Toronto group to urge Black community to boycott Caribbean festival
Date: Tuesday, May 16 @ 13:36:38 UTC
Topic: Black Habits Articles
TORONTO, May 10: The March announcement by Toronto City Hall that they will be denying funding to the Caribbean Cultural Committee (CCC) – organizers of the Caribana festival for the past 38 years - has generated a great deal of controversy within Toronto’s Black community.
TORONTO, May 10: The March announcement by Toronto City Hall that they will be denying funding to the Caribbean Cultural Committee (CCC) – organizers of the Caribana festival for the past 38 years - has generated a great deal of controversy within Toronto’s Black community. While many concede that the city is within their right to deny funding this year (due to the CCC’s failure to produce a clean audit for 2005) members of the Black community are convinced that officials are using the situation as an opportunity to take over a festival that has become extremely lucrative for the local economy.
A major point of contention is the Festival Management Committee (FMC) that a recent press release states has been selected by the Toronto Mas Band Association (TMBA) “with help from the City” to manage the festival this year. While the TMBA was the group asked by City Hall to put in a bid to receive the grants to operate this year’s festival, they will only have 2 representatives on the Committee and will not be directly in control of the money.
Members of the Black community are outraged by the selection of other committee members, mainly Rod Seiling (President, Greater Toronto Hotel Association) and Glenn Grunwald (President & CEO, Toronto Board of Trade). Previous reports have indicated that the committee will also include representatives from the municipal and provincial government as well as the Toronto Police.
“These people represent the same business interests that reap a windfall of profits every summer, yet they have consistently refused to give the CCC a dime in sponsorship; not to mention the fact that they triple their prices during Caribana weekend to exploit our Brothers and Sisters that visit from abroad.” claims Nkem Anizor, President of the New BYTA (Black Youth Taking Action) – a watchdog group focussed on organizing a block of 10 000 young, Black voters.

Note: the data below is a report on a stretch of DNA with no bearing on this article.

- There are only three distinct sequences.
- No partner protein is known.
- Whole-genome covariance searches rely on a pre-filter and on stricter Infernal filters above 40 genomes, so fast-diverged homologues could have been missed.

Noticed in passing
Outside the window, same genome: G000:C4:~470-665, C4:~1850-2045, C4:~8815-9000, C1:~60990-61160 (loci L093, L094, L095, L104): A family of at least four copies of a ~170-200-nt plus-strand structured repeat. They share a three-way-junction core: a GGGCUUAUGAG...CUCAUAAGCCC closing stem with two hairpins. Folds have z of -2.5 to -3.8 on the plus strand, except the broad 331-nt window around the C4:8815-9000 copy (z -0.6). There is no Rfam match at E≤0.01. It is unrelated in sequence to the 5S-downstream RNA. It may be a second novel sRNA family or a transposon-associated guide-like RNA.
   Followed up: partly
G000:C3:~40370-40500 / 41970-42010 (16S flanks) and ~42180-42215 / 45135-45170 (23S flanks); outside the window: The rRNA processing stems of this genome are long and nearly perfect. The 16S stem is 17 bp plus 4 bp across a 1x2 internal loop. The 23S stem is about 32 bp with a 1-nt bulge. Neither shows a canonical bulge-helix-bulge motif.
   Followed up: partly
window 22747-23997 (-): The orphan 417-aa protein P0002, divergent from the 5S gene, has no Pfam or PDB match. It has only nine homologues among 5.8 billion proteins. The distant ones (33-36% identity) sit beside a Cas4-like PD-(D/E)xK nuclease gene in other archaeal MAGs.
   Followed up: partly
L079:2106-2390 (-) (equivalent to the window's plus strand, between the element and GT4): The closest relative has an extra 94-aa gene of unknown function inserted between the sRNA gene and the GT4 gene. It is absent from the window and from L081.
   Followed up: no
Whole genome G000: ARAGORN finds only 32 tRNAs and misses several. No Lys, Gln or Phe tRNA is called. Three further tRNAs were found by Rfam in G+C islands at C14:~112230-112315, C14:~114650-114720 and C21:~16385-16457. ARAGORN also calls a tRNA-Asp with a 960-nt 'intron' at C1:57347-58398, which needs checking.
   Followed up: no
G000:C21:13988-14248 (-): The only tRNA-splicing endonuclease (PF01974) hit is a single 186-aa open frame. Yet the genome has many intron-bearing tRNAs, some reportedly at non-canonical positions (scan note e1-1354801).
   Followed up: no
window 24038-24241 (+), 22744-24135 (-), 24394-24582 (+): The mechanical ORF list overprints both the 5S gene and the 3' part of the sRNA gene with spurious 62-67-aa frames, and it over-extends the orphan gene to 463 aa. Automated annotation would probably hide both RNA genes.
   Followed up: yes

“Caribana attracts well over 1 million visitors to Toronto every summer, generating over 1/2 billion dollars for the local economy. It’s a simple case of divide and conquer driven by greed and arrogance. The city and province provide $274 000 in funding (of which $193 000 is paid right back for city-based expenses), leaving the CCC with $81000 to run a ½ billion-dollar festival! That’s not funding; that’s modern-day slavery. So at the end of the day, you have two Black organizations fighting over crumbs in funding while everybody else makes millions.”
The New BYTA intends to launch a public awareness campaign focussed on galvanizing Black youth around the issue in the context of the upcoming Toronto municipal elections.
“Black youth have been under attack in this city. Poverty and self-hatred are driving them to murder one another in record numbers; yet the only response of government has been to award record police budgets and push for increased mandatory minimum sentencing.” charges Keisha-Monique Simpson, a local community activist. “The drop out/push out rate for Black youth is above 40%; four attempts have been made to cancel Black History Month; racial profiling by the Toronto Police is the order of the day and $81 million dollars has been allocated to build a super jail to lock them up.”
The group intends to rally the local and international Black community around the possibility of a boycott of any city-controlled festival that does not benefit the Black community.
“We’re not interested in another BET – Black faces out front, White control in the back.” explains Paul James, youth worker and owner of AKIESH Apparel Company. “We definitely intend to make sure that the international community is aware of what’s happening to Black youth in this city. Toronto’s reputation as a ‘multicultural’ defender of human rights is definitely on the line.”
The New BYTA also contends that the city has overstepped their bounds by denying the CCC the permits that they have received for years. They also argue that while changing the name of the festival to The Toronto Caribbean Carnival may shield the TMBA from trademark infringement, the CCC may still have grounds for a “passing off” claim (that could be used to seek an injunction to prevent the staging of a festival in place of Caribana).
They aim to use the possibility of having no festival (or a massive boycott) to pressure the City and business sector to compensate the Black community (for what they claim have been decades of exploitation) by contributing to an Economic Development Fund that will provide educational scholarships, program funding and business grants specifically for Black youth.
According to Anizor, “The Black community created this festival, yet everyone benefits from it but us. This is a golden opportunity for the CCC to stop selling out and fulfill its mission statement: ‘…to achieve Social Development, Economic Empowerment and Unity within the Black and Caribbean Canadian Communities through the Industrialization of the Caribbean Carnival Culture.’ The time is long overdue for the festival’s success to be translated into tangible political and economic benefits for the Black community. No justice! No jump up!”